What’s in a name? That which we call an analytics system by any other word would be as confusing.
Alas, one daring intern decided to dive into the unknown and unravel the mystery of Google Analytics and Facebook Insights. That daring intern, was me.
I started my intern project – analyzing and summarizing the information found in these super-programs – with absolutely no previous knowledge of what I was doing. There had been no precedent set for me, I had nothing to add to and I only had a few notes to consult before starting.
Needless to say, in the beginning, I panicked that I had started too late, that I was in over my head, and that this project was just too big for me to handle. But I dove in anyway, and found that, not only could I handle this, but it was interesting and (surprisingly) fun to do.
It only took about a week to gather all the information, but its value is timeless. I learned about website visits, traffic sources, the quality of visitors to the site and so much more, all just from Google. I learned which pages on the website were successful and which had only a few visitors.
Google was great. The system broke it down and made data easy to access, so I was prepared and ready for Facebook Insights. Then I opened Facebook Insights.
Graphs were created to show all of the interesting data points and I was able to draw conclusions about which posts on Facebook were successful for redpepper.
But the most beneficial thing I learned was that redpepper’s engagement rate for Facebook posts is five times better than what is generally accepted as “good”.
Overall, my intern project taught me important, marketable skills. I’m leaving redpepper far more equipped to analyze and help any company make a digital and social impact on their audience. At the same time, I was able to help rp learn more about the job they do reaching their audience. Now redpepper can create an even better strategy based off the information I was able to provide and I can create a better skill set to help benefit myself and my future employers down the road.
My name is Laura Henni and I am a senior at Vanderbilt University, majoring in Communication Studies with a minor in Corporate Strategy. For the past two months, I’ve had the awesome privilege of interning with the account management team at redpepper, and in that time I have grown and learned so much.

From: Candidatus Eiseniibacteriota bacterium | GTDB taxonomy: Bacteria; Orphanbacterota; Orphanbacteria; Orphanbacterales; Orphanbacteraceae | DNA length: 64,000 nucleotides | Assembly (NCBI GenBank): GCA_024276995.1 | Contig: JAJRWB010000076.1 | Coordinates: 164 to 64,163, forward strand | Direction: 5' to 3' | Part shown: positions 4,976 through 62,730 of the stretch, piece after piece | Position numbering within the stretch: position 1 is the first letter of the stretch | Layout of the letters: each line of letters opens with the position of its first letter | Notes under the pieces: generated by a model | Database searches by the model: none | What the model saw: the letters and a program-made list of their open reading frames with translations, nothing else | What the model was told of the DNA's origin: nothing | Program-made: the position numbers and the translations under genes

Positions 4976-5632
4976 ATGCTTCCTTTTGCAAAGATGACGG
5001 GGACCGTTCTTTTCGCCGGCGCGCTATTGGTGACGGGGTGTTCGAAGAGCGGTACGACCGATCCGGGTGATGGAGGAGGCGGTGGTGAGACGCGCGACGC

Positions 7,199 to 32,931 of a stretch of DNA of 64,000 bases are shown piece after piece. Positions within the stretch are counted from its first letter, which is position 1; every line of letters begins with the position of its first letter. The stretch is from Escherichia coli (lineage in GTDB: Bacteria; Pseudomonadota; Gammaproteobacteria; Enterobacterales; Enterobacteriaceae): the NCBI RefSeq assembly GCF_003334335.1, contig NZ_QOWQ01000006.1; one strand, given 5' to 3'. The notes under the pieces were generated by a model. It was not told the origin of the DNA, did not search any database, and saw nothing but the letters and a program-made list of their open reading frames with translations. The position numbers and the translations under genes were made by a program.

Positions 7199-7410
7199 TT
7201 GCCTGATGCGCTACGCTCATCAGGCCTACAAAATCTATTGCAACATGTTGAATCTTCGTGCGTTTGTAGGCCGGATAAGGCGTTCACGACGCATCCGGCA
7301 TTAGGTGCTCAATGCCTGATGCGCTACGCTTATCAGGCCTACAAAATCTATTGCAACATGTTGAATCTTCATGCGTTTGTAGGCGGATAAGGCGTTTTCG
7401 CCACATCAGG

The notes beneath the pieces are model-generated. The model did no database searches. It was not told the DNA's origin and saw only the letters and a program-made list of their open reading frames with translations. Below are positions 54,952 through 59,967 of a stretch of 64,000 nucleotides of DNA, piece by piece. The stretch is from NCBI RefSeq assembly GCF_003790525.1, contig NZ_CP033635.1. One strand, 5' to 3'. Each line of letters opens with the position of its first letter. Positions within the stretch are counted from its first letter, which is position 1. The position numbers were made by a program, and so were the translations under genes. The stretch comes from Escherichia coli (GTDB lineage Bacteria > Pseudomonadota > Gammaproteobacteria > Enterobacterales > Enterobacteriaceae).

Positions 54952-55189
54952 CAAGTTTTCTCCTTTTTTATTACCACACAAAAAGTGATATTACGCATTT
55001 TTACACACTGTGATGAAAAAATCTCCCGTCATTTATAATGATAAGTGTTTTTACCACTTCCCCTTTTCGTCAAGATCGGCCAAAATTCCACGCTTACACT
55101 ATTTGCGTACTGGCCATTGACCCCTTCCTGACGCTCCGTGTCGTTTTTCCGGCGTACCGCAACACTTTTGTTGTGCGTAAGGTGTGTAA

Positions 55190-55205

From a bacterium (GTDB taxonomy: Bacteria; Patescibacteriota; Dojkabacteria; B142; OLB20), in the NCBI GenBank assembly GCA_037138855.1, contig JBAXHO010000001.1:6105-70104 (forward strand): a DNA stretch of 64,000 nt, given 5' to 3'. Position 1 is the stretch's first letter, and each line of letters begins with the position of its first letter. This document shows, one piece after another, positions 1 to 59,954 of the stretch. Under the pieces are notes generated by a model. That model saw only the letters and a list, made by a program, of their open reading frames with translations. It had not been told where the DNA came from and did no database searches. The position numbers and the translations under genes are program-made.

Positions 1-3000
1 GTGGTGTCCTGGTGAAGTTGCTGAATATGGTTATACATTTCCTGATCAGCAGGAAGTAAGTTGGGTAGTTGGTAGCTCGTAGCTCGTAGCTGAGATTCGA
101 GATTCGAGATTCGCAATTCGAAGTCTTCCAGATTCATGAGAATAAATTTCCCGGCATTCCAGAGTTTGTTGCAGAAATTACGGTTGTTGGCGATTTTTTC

One aspect of this internship that really helped me to do that was the intern project. For the project, we are asked to work on something that interests us and helps redpepper at the same time.
I have always been interested in helping people connect and communicate with one another (hence the Comm Studies major). Because of that, I decided to create something that would give redpepper an easy and fun way to share ideas, updates, and insights with each other on a weekly basis.
…the place where anyone at redpepper can share whatever’s on their mind and where they can come to feel more connected to what’s going on in the agency. Future interns will be responsible for collecting shares and posting a new newsletter every Friday morning.
It was so rewarding to see all my hard work come to life and to create something that will continue long after I’m gone.
Thanks for everything redpepper! I’m going to miss you all.
Eight of our eleven summer interns gettin’ down on Gatsby Day: Chris, Stephanie, Mindy, Anna Claire, Josh, Lauren, Laura & Allie Brooke.
As our summer program is in it’s final weeks, we’re now taking applicants for Fall internships. Please read the program details and requirements carefully! We’re looking forward to hearing from another batch of talented students.
(a riff off of Stephanie’s post)
A quote that nearly always comes to mind when I sit down to write is from a play I still have yet to read. In Rosencrantz & Guildenstern Are Dead, Tom Stoppard gives Guildenstern the beautiful line: “Words, words. They’re all we have to go on.”
Cartoonist, teacher, and published author/graphic artist Lynda Barry is pretty familiar with the creative process. I caught a re-air of an old Talk of The Nation interview with her on her 2008 graphic novel What It Is that examines human creativity, where it comes from, and why it seems to fade into the background for many after adolescence.